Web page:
ISLAMABAD: The government has proposed huge hidden gas subsidies of 44% for Pakistan’s richest exporters in the upcoming price revision but would increase rates for domestic consumers up to 172%, underscoring the elite capture of diminishing resources.
The hidden subsidies are in violation of the commitments given to the International Monetary Fund (IMF) and against a decision of the last federal cabinet that wanted an end to the supply of cheap local gas to the self-generation power plants of industries, known as captive power plants.
Official documents of the Ministry of Energy revealed that some categories of domestic consumers and public transport would be paying a price higher than the imported gas price as a result of the upcoming pricing review.
The proposed rates for commercial users and cement manufacturing plants are double than the price for captive power plants.
The richest exporters and the industrialists selling goods in the domestic market may get away with huge hidden subsidies.
Sources said that the government wanted to approve revised gas rates by virtually convening a meeting of the Economic Coordination Committee (ECC) last week. But the idea was shelved and now the meeting will be held after the return of Finance Minister Dr Shamshad Akhtar from China.
The price revision for all categories of gas consumers is essential to prevent the two gas distribution companies – Sui Northern Gas Pipelines Limited (SNGPL) and Sui Southern Gas Company Limited (SSGCL) – from bankruptcy.
The gas sector circular debt has already peaked to Rs2.1 trillion and if prices are not increased another Rs395 billion will be added to the debt just on account of revenue shortfall and LNG supply at low rates in Punjab, according to the Ministry of Energy.
Sources said that the Ministry of Finance had opposed gas subsidy for captive power plants, calling it against a decision of the last cabinet and also commitments given to the IMF.
They said that the finance ministry was in favour of keeping prices for the self-generation industrial power plants at par with RLNG rates.
Ogra has determined total revenue requirements of Rs697 billion for SNGPL and SSGCL for this fiscal year. SNGPL’s requirement is estimated at Rs358 billion while SSGCL’s needs are assessed at Rs339 billion.
The last government was required to increase gas prices with effect from July but it postponed the decision due to political reasons, causing Rs46 billion losses to both companies during the first quarter of this fiscal year.
The respective governments have been increasing gas prices below the companies’ fiscal needs, resulting in accumulation of Rs878 billion arrears. SSGCL’s arrears stand at a maximum Rs450 billion on account of less-than-required increase in gas prices.
The Ministry of Energy has proposed to increase the prices of gas being consumed by exporters from Rs1,100 to Rs2,050 per mmBtu, an increase of Rs950 or 86%.
Due to shortage of local gas, Pakistan imports expensive Liquefied Natural Gas (LNG) and supplies it to the domestic sector in winters and to the industry throughout the year.
The summary of the Ministry of Energy showed that the current cost of imported LNG was Rs3,650 or $12.5 per mmBtu. At current rates, the exporters would get a subsidy of Rs1,600 per mmBtu, which is equal to 44% of the imported gas price.
The subsidy will be paid by charging higher gas rates from domestic consumers having higher consumption, CNG consumers, commercial consumers and cement manufacturers.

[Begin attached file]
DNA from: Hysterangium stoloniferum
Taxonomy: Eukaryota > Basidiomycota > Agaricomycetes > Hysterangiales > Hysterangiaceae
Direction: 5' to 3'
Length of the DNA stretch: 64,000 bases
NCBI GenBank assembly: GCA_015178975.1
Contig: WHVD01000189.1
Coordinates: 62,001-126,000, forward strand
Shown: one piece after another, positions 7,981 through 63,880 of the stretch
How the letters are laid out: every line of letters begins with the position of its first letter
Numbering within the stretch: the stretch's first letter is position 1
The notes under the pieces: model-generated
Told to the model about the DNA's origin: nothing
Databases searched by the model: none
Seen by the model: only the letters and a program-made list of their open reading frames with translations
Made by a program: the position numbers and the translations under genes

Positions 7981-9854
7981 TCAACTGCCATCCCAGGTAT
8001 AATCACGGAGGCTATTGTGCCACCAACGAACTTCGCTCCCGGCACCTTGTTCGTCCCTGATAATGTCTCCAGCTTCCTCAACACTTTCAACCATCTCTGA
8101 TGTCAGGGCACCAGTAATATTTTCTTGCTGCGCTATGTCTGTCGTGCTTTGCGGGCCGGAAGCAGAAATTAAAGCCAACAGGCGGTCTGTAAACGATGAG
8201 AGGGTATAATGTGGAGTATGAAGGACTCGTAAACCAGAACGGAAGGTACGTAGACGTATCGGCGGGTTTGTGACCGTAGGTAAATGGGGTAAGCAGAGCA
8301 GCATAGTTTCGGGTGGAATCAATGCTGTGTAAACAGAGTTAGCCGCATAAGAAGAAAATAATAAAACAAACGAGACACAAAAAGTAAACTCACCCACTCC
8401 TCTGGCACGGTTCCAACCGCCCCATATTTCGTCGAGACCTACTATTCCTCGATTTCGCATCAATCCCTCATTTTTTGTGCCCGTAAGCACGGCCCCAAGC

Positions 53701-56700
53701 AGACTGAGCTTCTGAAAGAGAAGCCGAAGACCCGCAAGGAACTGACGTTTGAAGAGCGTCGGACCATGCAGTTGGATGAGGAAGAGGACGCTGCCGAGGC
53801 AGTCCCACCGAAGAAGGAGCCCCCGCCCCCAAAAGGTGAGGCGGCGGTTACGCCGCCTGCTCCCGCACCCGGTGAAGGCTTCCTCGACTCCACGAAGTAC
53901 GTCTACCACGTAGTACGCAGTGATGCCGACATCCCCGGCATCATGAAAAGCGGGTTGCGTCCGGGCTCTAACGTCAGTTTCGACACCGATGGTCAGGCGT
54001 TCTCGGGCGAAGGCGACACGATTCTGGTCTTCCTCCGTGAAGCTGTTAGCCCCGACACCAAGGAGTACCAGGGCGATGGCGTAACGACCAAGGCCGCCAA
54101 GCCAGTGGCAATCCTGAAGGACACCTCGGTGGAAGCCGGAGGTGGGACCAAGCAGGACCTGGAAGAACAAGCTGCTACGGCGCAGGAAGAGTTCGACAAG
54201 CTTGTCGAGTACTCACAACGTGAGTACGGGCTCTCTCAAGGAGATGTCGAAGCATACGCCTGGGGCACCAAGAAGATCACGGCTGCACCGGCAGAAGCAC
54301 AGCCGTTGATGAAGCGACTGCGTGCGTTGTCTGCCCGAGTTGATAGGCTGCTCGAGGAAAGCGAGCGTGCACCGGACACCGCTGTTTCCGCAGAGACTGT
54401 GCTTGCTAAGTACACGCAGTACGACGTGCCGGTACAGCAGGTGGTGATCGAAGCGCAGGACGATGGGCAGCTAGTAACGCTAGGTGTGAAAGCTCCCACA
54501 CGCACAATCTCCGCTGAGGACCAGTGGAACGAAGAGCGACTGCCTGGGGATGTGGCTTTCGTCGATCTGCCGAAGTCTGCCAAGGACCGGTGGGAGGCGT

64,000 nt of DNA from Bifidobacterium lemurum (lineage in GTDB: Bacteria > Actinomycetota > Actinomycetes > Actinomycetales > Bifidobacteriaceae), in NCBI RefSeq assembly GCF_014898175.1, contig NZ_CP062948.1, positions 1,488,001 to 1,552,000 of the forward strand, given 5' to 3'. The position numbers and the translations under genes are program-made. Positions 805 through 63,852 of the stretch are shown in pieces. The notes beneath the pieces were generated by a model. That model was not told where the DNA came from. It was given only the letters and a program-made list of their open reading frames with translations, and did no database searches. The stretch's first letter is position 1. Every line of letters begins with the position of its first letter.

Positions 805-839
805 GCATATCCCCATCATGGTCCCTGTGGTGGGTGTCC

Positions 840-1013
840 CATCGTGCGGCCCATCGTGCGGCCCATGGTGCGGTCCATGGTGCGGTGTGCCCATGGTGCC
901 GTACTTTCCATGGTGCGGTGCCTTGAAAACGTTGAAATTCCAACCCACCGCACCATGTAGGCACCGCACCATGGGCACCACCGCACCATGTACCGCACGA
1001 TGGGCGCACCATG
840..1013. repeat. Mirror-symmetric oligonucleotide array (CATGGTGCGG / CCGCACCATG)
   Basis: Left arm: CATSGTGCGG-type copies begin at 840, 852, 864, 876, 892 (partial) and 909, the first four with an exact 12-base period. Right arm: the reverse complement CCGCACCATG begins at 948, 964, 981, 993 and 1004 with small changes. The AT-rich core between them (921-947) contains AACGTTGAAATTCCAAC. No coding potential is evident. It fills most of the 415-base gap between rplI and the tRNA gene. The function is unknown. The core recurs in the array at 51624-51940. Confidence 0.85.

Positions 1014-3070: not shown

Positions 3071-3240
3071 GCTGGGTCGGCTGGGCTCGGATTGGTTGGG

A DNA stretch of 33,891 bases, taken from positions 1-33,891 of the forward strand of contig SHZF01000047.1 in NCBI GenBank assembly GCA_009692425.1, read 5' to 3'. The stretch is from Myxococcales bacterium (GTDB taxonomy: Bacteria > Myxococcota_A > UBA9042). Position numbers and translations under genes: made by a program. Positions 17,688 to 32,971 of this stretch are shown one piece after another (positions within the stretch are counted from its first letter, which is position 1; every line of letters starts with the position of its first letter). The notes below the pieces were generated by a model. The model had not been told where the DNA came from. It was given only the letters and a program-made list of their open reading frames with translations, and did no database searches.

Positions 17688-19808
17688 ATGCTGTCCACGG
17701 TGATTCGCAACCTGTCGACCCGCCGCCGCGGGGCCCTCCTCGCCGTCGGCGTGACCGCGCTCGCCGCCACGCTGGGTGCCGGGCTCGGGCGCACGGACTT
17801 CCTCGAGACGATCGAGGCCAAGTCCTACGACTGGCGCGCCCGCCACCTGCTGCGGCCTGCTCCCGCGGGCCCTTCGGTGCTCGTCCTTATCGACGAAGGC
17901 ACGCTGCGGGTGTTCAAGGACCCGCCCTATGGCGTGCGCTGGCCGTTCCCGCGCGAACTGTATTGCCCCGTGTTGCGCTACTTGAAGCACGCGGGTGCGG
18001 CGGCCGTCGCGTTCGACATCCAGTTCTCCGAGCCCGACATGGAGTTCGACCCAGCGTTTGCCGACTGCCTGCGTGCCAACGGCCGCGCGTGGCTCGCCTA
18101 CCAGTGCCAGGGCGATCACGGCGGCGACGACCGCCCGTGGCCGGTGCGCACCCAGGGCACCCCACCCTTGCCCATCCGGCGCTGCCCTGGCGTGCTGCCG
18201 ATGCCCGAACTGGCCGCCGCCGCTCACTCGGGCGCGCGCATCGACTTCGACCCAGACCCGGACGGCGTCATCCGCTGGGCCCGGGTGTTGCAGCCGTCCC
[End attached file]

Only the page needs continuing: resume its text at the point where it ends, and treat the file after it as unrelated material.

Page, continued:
Similarly, for those industrialists that are not exporting goods but have captive plants, it has been proposed to increase gas prices from Rs1,200 to Rs2,600 per mmBtu, an increase of Rs1,400 or 116%.
But still these richest industrialists would get a subsidy of Rs1,050 per mmBtu, which is equal to 29% of the imported gas price.
The maximum Rs1,400 per unit gas price increase for industrialists is much lower than the Rs1,900 per mmbtu increase for domestic consumers of up to 3hm3 consumption.
Another hidden benefit that Pakistan’s richest Punjab-based exporters would get is that as against the current price determination based on 50% local and 50% imported gas, it has been proposed to increase the blend of local gas to 60%.
Currently, there is wide price disparity between the industry operating on SSGCL and SNGPL networks.
Industry operating on SNGPL network consumes 50:50 blend of indigenous and RLNG for nine months and 100% RLNG for three months from December to February, averaging to the current tariff of $9.6/mmBtu.
No increase in gas prices has been proposed for consumers of up to 0.9 hm3 consumption. However, their fixed monthly bill has been increased from Rs10 to Rs400.
The tariffs for the highest domestic consumption are aligned with LPG cost, according to the summary. The previous slab benefits are being maintained up to consumption of 4 hm3 but there will not be previous slab benefits in the last slab of non-protected domestic category.
The fixed monthly charge for consumption up to 1.5 hm3 has been proposed to be increased from Rs460 to Rs1,000 while for consumption of over 1.5 hm3 it has been proposed to increase to Rs2,000 per month.
The gas price for up to 0.25 hm3 consumption is proposed to be increased by 50% to Rs300 per mmbtu, for 0.6 hm 3 consumption to be doubled to Rs600 and for 1 hm3 consumption proposed rate is Rs1,000 per mmbtu –an increase of 150%.
For up to 1.5hm3 consumption, the proposed rate is doubled to Rs1,200 per unit, for up to 2 hm3 consumption it is recommended to be doubled Rs1,600 per mmbtu.
For up to 3 hm3 consumption the maximum increase of 172% is proposed with its rate setting at Rs3,000 per mmbtu.
The rates for the upper two slabs have been proposed to be increased even higher than the LGP and the LNG prices. For 4 hm3 consumption, it is proposed at Rs3,500 per mmbtu and for the highest slab it is recommended at Rs4,000 –much higher than imported gas price to pay for subsidies to the richest.